Public comment is sought on this draft guidance by February 6. CHI staff is currently working with its members to formulate our detailed input on this draft.
 

Final Guidance on Clinical Evaluation of Software as a Medical Device (SaMD)

The FDA has also issued final guidance titled Software as a Medical Device (SaMD): Clinical Evaluation. This guidance, adopting the approach to clinical evaluation of SaMD developed within the International Medical Device Regulatory Forum, is intended to provide “a path for global regulators to converge on terminology, a risk-based framework, an understanding of quality management system principles, and…an approach to making [SaMD] clinically meaningful to users.”

This extensive IMDRF-developed document approaches SaMD clinical safety, effectiveness, and performance evaluation through a process broken down into three areas: (1) valid clinical association, (2) analytical validation, and (3) clinical validation. Further, it describes how:

  • Clinical evaluation should be “an iterative and continuous process as part of the quality management system for medical devices.”
     
  • Certain SaMD may need “independent review of the results of the clinical evaluation” to validate its clinical value, “commensurate with the risk posed by the specific SaMD.”
     
  • SaMD manufacturers/developers should employ continuous monitoring of the safety, effectiveness, and performance of SaMD to understand and modify software based on real-world performance.
     

FDA’s Software Precertification Program

Building on extensive collaborative work with several key stakeholder groups (including CHI) across the last few years, in mid-2017 the FDA announced a new “Software Precertification Pilot Program.” The program aims to build a new streamlined approach to its regulation of software, including a precertification program for the assessment of companies that design and test software. At the time of this announcement, the FDA stated that it intends to “develop a precertification program that could replace the need for a premarket submission in some cases and allow for decreased submission content and/or faster review of marketing applications for software products in other cases.” CHI has publicly supported the FDA’s pilot program.

In September 2017, the FDA announced that nine organizations were accepted to participate in the pilot program. The FDA later announced plans to convene a public workshop on January 30-31, 2018, at the National Institute of Health’s main campus in Bethesda, Maryland. According to a detailed agenda, the workshop’s purpose is to “discuss the progress of the pilot precertification program and to seek input on the ongoing development of the Software Precertification Program.” CHI has been invited to participate in the workshop, and we look forward to playing a role in the development of this program.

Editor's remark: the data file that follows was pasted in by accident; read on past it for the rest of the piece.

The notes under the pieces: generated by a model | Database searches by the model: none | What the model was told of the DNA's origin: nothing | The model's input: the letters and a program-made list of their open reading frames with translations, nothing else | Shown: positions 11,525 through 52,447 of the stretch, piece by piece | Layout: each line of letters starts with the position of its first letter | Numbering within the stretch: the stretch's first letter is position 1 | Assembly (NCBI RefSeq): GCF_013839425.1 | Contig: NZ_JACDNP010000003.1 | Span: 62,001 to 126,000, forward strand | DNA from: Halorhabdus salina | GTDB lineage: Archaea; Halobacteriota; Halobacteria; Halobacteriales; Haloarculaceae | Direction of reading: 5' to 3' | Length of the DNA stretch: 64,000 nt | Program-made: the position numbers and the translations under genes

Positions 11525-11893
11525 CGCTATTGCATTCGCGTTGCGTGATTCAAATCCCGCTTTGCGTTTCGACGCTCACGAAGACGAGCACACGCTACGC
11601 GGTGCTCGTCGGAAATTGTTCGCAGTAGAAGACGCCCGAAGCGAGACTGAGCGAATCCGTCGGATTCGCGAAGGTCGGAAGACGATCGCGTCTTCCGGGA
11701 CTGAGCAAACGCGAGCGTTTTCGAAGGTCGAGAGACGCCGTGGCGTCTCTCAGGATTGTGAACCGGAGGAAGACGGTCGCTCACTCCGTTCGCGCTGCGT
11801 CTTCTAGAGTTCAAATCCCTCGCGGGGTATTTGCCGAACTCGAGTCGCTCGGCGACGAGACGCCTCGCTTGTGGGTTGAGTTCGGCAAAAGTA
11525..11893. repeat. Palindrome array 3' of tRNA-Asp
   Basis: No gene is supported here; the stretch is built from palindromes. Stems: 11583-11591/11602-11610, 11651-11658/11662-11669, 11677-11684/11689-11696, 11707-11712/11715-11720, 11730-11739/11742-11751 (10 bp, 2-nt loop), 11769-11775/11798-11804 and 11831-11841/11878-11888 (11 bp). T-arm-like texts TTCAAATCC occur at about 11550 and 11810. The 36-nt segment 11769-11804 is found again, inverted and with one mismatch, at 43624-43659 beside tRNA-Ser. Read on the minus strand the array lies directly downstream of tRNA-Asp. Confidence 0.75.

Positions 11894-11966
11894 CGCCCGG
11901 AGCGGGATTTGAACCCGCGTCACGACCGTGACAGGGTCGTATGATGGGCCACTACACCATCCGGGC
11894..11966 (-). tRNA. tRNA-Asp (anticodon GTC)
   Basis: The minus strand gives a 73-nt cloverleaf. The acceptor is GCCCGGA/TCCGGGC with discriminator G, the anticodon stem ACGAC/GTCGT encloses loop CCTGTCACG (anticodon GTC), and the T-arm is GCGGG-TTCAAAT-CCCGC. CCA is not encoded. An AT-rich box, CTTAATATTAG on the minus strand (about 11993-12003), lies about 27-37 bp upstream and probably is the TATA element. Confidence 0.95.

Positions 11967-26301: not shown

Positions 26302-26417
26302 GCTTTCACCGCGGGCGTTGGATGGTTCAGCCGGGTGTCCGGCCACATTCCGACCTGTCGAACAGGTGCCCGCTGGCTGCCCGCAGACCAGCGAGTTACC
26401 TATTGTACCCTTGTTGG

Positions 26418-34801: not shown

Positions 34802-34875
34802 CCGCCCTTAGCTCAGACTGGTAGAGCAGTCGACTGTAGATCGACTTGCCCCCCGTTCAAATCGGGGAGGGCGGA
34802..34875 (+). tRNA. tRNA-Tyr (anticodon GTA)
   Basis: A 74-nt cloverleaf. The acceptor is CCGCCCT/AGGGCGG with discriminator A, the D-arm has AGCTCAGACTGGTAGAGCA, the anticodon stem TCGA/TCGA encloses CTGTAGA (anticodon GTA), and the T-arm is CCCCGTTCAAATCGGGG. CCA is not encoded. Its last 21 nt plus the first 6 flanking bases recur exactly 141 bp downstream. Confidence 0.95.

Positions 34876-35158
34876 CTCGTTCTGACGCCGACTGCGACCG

Conclusion

CHI is thrilled to witness the significant steps the FDA is taking to modernize its approach to software-driven innovations in the healthcare space. We strongly support the FDA’s efforts to update oversight and regulation while providing American patients with safety and confidence in their care. Paired with recent breakthroughs, driven by CHI’s efforts, towards establishing reimbursement in the Medicare system (in both the CY 2018 Physician Fee Schedule and in the latest Quality Payment Program) for caregivers that wish to use remote monitoring tools to improve patient care while reducing costs, CHI continues to see evidence of, and grow more and more optimistic about, the ability of the IoT to transform American healthcare, also providing global leadership to other key market regulators.

We encourage you to reach out to us with your interest and views on any of the above as CHI moves forward into 2018.